Back in the 25th century, Earth launched a generation ship into deep space, with the goal of establishing the first interstellar colony. It dropped out of contact and disappeared, never reaching its destination.
Thousands of years later, it has finally been found.
Analogue is not far from being a visual novel, since the meat of the game is reading text. You find and read logs from the years before the colonization ship became abandoned. You also communicate with the ship’s two AIs and you got to hear what they think about the log messages. All this is done through a very simple interface.
The game has a pretty interesting way of telling a story. Everything on the ship has already happend from your point of view, and through the logs that are uncovered through the game you get to know what happened aboard.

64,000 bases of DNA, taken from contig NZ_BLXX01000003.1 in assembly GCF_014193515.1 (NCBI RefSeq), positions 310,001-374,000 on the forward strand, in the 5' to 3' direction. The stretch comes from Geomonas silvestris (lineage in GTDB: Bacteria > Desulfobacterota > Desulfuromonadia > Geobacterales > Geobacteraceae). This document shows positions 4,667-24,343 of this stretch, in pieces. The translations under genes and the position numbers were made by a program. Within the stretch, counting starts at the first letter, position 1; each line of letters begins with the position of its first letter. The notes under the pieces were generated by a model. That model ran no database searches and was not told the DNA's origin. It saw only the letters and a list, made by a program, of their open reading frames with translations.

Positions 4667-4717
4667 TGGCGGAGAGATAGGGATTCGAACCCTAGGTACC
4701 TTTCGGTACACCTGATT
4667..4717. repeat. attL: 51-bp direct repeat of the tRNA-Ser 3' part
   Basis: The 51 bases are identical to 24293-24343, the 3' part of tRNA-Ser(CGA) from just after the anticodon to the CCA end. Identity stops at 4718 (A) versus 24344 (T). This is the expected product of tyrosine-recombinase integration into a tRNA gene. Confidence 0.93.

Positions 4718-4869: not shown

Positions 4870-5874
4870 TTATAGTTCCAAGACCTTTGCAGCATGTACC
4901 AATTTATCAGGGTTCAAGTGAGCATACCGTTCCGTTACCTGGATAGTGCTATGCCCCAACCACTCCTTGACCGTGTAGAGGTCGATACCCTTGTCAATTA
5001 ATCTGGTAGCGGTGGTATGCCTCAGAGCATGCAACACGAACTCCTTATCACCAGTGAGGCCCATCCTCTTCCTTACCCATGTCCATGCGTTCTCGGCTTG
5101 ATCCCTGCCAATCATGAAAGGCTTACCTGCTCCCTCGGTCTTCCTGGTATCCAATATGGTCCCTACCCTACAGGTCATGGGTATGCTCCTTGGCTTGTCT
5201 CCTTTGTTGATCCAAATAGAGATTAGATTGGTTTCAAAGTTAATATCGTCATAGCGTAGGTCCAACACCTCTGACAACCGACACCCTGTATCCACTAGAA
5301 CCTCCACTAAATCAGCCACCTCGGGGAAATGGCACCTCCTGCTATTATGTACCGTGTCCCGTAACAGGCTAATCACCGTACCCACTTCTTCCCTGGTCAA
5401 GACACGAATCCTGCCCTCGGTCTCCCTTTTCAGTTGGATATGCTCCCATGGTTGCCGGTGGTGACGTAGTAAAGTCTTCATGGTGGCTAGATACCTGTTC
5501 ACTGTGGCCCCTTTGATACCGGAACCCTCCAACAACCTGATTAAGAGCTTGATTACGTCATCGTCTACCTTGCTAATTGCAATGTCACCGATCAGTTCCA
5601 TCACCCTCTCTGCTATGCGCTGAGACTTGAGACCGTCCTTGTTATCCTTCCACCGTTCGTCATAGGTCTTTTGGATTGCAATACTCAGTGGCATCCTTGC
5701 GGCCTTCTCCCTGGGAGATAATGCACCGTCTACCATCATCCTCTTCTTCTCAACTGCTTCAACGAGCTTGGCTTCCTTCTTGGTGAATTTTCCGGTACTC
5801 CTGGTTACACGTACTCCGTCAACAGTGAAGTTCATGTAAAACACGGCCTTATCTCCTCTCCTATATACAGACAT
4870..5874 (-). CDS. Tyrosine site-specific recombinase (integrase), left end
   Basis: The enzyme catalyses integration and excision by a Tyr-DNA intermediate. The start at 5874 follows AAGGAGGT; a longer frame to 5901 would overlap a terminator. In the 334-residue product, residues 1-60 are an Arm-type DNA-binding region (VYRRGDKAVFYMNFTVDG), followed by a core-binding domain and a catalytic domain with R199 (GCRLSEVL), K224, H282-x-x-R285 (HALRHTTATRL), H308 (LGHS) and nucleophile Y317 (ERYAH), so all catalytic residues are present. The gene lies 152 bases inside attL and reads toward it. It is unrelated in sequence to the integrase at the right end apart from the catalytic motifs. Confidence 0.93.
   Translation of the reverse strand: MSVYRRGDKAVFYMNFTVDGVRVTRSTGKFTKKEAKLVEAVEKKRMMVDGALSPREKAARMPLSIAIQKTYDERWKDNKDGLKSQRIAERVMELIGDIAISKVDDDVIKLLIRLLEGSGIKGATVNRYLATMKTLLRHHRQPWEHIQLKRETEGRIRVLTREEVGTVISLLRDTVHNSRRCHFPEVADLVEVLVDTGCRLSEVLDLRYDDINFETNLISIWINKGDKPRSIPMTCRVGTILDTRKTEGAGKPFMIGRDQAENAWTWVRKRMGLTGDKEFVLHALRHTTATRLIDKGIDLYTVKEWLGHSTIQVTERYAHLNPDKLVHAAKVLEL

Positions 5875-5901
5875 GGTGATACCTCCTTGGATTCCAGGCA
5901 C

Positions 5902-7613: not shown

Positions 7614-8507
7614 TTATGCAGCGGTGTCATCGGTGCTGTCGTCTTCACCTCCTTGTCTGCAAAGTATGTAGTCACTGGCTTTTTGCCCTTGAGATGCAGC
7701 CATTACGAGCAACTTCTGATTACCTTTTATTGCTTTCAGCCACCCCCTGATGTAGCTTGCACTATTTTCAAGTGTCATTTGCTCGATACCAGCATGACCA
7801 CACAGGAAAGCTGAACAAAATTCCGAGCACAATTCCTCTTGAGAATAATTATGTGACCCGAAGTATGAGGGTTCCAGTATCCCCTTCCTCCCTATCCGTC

This game really requires patience from the player. It presents a lot of characters, all with Korean names to confuse you even more. Luckily there are two family tree images available in the game to help you a bit from getting totally lost. I actually wrote notes on my Nexus 7 tablet about all important characters and events as I read the logs, to make it easier for myself to keep them from blurring together and to better understand the timeline. In the end I managed to produce 2 A4 pages of notes in Google Docs.
It took me 8 hours to reach the end of the game, and an additional 2 hours to complete the remaining 4 possible endings, complete all achievements and find the few logs I had missed.
I enjoyed the game and I think it was a fun experience. However, I’m pretty sure it’s not something for everybody – you really have to be somebody who can appreciate slower “games”.
The game does also have a really good soundtrack, which is available on Spotify.
Analogue is available on Linux, Windows and Mac, and costs 10 €. There is also a trial version available on its website. However, I got the game in a Indie Royale bundle for 4 €.
A trailer for the game: